Q: What is kefir? Is it like yogurt?
A: Kefir is a cultured dairy product, similar to a yogurt drink, that originated in the Caucasus Mountains straddling Europe and Asia. Promoters call it “miracle milk” because of its alleged health benefits.
Traditionally, kefir is made by fermenting milk with kefir “grains”—a mixture of bacteria and yeast bound in a gelatinous matrix. The result is tangy like yogurt, but it may also be slightly alcoholic and fizzy, depending on the fermentation time and technique. For safety and consistency, most commercial kefirs use powdered starter cultures instead of the grains. In contrast, yogurt is typically fermented with different strains of bacteria, and no yeast.
Like yogurt, kefir contains probiotic bacteria. Probiotics may reduce antibiotic-associated diarrhea, and they may help irritable bowel syndrome and other intestinal conditions. Because kefir has more strains of bacteria than yogurt, it may have a wider range of effects. But don’t believe claims that kefir lowers blood pressure or cholesterol, increases energy, strengthens nails and hair, or prevents cancer and diabetes.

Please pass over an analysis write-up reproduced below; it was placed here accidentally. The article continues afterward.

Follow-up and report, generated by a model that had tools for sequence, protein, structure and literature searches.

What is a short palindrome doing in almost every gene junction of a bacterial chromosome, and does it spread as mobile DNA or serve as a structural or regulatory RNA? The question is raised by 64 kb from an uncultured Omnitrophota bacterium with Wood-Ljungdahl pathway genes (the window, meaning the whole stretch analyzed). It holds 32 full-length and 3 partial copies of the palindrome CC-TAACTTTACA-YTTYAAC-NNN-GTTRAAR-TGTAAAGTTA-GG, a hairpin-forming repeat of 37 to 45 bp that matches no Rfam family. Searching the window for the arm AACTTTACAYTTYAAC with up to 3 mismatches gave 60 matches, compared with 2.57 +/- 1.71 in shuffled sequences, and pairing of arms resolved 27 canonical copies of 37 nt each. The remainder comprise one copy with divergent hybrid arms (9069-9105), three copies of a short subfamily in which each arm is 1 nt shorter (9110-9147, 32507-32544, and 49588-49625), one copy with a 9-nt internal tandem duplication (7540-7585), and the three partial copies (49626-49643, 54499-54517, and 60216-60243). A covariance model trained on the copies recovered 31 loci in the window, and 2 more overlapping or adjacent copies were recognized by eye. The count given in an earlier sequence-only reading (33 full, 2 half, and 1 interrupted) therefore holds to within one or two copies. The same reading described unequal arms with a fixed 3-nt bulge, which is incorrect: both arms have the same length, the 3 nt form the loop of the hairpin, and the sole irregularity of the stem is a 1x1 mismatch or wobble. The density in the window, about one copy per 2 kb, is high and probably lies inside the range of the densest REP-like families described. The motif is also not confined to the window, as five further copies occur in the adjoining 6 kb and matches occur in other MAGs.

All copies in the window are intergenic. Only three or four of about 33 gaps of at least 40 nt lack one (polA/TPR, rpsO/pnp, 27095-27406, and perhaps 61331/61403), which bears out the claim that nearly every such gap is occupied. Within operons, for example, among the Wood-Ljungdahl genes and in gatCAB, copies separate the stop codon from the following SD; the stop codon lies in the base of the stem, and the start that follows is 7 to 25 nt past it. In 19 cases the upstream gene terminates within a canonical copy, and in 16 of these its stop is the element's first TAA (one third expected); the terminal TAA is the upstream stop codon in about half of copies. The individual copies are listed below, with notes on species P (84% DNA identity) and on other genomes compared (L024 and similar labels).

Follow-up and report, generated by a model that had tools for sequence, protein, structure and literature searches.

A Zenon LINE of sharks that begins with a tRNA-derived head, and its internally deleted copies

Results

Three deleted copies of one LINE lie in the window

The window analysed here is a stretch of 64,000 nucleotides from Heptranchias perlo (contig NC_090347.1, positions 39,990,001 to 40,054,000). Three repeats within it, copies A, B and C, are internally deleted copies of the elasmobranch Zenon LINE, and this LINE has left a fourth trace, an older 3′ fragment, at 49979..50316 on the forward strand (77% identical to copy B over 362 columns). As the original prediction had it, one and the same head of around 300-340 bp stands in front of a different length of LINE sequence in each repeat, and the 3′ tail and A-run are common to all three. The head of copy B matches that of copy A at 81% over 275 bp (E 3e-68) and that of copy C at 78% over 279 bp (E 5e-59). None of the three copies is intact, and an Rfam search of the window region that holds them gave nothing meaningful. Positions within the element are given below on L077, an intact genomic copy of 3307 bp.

Kefir is rich in protein, calcium, B vitamins, and other nutrients. Choose low-fat or nonfat varieties to reduce calories. Kefir made from soy milk is also available. Traditional kefir is not sweet, but most commercial products have added sugars, along with fruit (or fruit flavors), which add calories. Commercial brands don’t contain alcohol.